Inside scoop from our experts: Tailor education to appeal to all adult learning styles

HCPro's Weekly Update on the ANCC Magnet Recognition Program®*, October 20, 2009

This week, a reader asks about ensuring education reaches all styles of adult learners. Read the response from advisor Adrianne Avillion, DEd, RN, owner of Avillion's Curriculum Design in York, PA.

Q: We have a large organization with many nurses to educate about our ANCC Magnet Recognition Program® journey. What are the best methods for reaching every nurse?

A: Ensuring that educational offerings appeal to a variety of learners will make your techniques much more effective:

  • Right brain vs. left brain: The right hemisphere of the brain is devoted to the creative aspects of learning and depends on music, visual stimulation, color, and pictures to process information. The left brain enables learners to deal with language, math, and problems requiring analysis. Right-brain learners process information holistically, seeing the big picture or the answer first, not the details. Left-brain learners process information in a linear manner, processing first from the parts and then to the whole.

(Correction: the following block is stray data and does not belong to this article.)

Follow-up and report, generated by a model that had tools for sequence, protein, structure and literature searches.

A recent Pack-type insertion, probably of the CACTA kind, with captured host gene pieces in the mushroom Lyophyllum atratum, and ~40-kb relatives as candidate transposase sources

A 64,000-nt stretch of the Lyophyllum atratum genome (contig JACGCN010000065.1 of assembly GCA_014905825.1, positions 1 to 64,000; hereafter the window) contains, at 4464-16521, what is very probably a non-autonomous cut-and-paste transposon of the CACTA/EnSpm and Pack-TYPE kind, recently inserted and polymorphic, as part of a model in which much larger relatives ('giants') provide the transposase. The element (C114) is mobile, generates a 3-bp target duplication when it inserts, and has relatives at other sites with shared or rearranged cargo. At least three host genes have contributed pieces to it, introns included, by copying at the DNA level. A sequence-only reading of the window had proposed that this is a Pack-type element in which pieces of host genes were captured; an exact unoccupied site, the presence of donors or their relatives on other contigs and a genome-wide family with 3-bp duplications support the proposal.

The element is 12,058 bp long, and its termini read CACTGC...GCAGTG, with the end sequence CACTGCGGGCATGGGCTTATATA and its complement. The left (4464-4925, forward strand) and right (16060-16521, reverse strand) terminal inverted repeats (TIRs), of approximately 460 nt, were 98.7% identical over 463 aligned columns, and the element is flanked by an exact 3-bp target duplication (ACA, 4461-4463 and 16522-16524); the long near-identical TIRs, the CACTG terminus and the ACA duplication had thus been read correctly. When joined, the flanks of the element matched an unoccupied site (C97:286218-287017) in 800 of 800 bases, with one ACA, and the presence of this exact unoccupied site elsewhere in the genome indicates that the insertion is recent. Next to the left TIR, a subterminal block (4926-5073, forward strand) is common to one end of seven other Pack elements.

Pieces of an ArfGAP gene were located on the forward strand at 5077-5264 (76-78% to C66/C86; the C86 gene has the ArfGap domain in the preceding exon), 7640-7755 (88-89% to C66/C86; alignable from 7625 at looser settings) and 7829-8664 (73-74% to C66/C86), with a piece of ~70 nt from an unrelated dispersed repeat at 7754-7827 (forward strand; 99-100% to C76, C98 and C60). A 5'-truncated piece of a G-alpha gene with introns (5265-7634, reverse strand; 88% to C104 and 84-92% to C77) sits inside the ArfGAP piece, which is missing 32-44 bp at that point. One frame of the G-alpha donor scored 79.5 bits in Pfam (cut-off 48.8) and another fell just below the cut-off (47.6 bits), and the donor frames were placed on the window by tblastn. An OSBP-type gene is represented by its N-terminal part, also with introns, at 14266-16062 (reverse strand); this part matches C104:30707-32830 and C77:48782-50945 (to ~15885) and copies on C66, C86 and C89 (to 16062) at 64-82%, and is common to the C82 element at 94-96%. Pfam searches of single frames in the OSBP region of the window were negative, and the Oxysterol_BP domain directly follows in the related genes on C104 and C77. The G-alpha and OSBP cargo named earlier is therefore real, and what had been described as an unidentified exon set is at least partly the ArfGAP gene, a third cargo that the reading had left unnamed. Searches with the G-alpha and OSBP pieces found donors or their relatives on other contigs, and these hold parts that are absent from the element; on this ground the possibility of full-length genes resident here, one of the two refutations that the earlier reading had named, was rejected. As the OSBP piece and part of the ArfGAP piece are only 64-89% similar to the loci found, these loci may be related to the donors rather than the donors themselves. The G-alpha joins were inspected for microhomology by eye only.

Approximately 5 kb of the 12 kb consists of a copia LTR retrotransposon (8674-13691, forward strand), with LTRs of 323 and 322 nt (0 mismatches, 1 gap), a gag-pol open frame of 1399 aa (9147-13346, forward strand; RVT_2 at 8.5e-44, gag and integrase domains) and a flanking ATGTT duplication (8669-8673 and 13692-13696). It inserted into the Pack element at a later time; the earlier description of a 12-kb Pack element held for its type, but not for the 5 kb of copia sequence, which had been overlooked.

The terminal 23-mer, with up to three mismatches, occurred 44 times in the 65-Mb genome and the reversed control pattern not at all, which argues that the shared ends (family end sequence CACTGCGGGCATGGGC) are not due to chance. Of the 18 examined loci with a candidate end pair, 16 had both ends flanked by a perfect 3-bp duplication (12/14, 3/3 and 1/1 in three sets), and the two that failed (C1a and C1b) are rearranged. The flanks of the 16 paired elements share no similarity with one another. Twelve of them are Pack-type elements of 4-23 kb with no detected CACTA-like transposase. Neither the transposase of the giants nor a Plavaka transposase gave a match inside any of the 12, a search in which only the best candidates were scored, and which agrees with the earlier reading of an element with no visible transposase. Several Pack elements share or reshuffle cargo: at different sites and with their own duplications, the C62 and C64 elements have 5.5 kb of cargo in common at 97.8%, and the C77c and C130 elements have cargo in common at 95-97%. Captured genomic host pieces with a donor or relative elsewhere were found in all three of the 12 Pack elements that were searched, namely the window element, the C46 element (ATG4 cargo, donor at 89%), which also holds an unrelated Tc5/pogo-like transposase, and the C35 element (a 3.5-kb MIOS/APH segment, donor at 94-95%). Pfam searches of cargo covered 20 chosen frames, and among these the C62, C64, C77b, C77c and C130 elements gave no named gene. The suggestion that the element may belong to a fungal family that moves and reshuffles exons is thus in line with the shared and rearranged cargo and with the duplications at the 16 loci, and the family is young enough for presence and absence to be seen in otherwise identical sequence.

• Visual learners: Most adults are visual learners. They focus on using the sense of sight to learn, prefer quiet when concentrating, and take detailed notes. They benefit from the use of color, illustrations, and graphics as part of handouts, PowerPoint presentations, or computer programs.
  • Auditory learners: Auditory learners benefit more from hearing information than seeing it in written form and sometimes appear to not be paying attention, but are actively listening. They assimilate new knowledge and skills by describing the behaviors or facts, and absorb new information by reading aloud. They like verbal explanations from colleagues already familiar with a topic.
  • Tactile (kinesthetic) learners: These learners prefer hands-on learning activities, such as return demonstration and simulation, can facilitate learning by handling equipment and manipulating objects (e.g., flash cards), and acquire new knowledge best when accompanied by physical movement.

Editor's note: Do you have a question for our experts? If you would like us to consider your query for publication, please e-mail it to senior managing editor Rebecca Hendren at

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